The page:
Stephen Forrest Elected to National Academy of Inventors
Forrest started 5 companies, holds more than 260 U.S. patents, and directs the Optoelectronic Components and Materials Laboratory
Stephen Forrest, Paul G. Goebel Professor of Engineering, has been named Fellow of the National Academy of Inventors (NAI).
Election to NAI Fellow status is a high professional distinction given to academic inventors who have demonstrated a prolific spirit of innovation in creating or facilitating outstanding inventions that have made a tangible impact on quality of life, economic development, and the welfare of society.
Prof. Forrest is one of 414 NAI Fellows who collectively hold nearly 14,000 U.S. patents. He alone is an inventor on more than 260 U.S. issued patents, with many more patent applications pending.
He has helped start five companies: Epitaxx (purchased by JDSU), Sensors Unlimited (purchased by Goodrich), Universal Display Corp. (traded as OLED on NASDAQ), Global Photonic Energy Corp. (now NanoFlex Power Corp.) and ASIP Inc. (now part of Avago Technologies).
Prof. Forrest directs the Optoelectronic Components and Materials (OCM) Laboratory. His group focuses on photovoltaic cells, organic light emitting diodes, and lasers & optics. He is a strong proponent of finding practical sustainable solutions to lighting and energy, and works with a diverse multidisciplinary team who investigate a wide variety of phenomena and devices related to electronic materials and optics. He is a professor of Electrical and Computer Engineering, Physics, and Materials Science and Engineering.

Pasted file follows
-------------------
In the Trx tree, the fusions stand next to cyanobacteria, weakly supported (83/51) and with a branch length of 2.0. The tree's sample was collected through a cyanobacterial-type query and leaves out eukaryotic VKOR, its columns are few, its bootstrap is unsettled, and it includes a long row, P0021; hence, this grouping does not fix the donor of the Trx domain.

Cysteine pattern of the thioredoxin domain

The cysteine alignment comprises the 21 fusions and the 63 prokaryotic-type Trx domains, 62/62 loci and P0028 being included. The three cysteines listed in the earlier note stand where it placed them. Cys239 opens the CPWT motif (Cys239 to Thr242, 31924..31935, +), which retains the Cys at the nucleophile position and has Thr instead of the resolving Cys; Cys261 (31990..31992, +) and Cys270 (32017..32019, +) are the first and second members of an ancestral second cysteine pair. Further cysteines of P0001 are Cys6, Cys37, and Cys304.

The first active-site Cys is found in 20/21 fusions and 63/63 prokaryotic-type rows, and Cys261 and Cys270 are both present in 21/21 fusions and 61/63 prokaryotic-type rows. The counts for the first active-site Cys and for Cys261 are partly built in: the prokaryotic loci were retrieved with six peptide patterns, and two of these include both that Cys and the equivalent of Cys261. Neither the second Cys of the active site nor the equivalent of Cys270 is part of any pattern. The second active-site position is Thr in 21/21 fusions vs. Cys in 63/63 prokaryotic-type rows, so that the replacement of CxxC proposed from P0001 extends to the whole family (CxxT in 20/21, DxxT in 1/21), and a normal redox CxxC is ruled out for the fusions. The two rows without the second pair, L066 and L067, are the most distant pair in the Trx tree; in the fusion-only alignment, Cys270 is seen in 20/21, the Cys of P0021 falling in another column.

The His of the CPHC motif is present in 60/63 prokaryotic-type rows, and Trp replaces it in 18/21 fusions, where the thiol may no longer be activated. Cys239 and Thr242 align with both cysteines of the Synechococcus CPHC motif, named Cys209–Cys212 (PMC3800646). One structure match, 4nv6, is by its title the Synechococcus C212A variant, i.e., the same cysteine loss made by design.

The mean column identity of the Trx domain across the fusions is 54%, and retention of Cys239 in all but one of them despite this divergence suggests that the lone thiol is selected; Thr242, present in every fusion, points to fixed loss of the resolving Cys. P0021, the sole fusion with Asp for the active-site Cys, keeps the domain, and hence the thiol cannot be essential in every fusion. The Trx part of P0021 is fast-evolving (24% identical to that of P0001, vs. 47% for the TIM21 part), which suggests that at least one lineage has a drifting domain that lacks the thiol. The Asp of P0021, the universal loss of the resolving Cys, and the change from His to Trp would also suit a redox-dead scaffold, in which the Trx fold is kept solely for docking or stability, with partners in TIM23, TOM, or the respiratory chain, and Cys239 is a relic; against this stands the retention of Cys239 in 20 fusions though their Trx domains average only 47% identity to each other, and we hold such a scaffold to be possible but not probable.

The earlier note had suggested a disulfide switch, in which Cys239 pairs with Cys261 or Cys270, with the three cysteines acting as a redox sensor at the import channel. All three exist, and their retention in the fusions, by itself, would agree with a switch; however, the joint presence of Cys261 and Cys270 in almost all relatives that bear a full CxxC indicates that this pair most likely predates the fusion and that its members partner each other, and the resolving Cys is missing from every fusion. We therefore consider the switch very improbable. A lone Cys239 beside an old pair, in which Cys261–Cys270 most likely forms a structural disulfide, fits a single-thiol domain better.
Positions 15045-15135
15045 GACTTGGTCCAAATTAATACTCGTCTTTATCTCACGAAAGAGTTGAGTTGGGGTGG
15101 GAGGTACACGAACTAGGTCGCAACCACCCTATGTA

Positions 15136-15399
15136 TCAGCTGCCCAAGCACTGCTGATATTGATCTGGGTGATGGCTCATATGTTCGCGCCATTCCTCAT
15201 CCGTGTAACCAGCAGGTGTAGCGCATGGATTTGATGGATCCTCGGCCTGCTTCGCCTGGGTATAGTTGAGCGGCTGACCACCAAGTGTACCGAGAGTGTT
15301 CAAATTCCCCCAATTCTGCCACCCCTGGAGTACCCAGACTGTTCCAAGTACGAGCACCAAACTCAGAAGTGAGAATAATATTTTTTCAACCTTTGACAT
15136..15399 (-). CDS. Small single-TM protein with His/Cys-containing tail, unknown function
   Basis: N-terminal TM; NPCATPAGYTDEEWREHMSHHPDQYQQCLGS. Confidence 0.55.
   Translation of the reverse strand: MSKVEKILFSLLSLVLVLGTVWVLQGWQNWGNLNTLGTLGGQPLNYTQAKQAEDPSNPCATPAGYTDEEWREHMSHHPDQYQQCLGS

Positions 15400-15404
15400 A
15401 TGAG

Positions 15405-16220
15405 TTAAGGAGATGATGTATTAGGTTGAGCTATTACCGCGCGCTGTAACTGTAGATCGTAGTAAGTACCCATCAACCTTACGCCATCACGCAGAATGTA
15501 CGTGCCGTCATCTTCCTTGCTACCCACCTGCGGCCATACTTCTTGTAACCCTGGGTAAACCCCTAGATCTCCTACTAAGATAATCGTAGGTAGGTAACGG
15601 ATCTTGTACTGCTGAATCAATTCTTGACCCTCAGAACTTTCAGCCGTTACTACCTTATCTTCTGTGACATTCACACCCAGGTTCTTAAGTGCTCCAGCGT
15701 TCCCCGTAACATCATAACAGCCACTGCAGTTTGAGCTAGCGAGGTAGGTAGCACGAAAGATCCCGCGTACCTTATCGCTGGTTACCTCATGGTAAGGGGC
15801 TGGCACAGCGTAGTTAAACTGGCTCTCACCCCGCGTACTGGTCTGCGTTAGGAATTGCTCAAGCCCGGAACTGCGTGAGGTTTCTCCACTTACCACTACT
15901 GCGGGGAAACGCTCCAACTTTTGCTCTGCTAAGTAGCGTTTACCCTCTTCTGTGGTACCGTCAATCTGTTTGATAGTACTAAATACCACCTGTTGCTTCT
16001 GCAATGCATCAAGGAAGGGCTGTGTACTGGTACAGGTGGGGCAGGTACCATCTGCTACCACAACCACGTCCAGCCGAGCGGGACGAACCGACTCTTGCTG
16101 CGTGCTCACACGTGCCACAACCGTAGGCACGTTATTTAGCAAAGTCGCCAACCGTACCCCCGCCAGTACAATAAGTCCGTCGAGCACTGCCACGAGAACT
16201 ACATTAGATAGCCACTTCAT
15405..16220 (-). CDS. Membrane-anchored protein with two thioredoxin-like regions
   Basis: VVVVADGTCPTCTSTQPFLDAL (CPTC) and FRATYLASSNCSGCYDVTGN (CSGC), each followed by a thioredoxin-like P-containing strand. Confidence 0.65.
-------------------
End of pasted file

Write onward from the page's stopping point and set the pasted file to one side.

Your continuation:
Prof. Forrest is a member of the National Academy of Engineering, and a Fellow of IEEE, OSA, and APS. He has received the IEEE/LEOS Distinguished Lecturer Award, the IPO National Distinguished Inventor Award, and the Thomas Alva Edison Award for innovations in organic LEDs. He received the MRS Medal for work on organic thin films, and the IEEE/LEOS William Streifer Scientific Achievement Award for advances made on photodetectors for optical communications systems. He received the Daniel E. Noble Award for his pioneering contributions to the development of organic light-emitting diodes (OLEDs) that paved the way for advancements in high-efficiency flat-panel displays and solid-state light sources for general lighting.
He was recently named one of the world’s most influential scientific minds by Thomson Reuters.
The NAI Fellows will be inducted on March 20, 2015, as part of the 4th Annual Conference of the National Academy of Inventors at the California Institute of Technology in Pasadena. U.S. Patent and Trademark Office (USPTO) Deputy Commissioner for Patent Operations Andrew Faile will be providing the keynote address for the induction ceremony. Fellows will be presented with a special trophy, newly designed medal, and rosette pin in honor of their outstanding accomplishments.
U-M professors elected to National Academy of Inventors, The University Record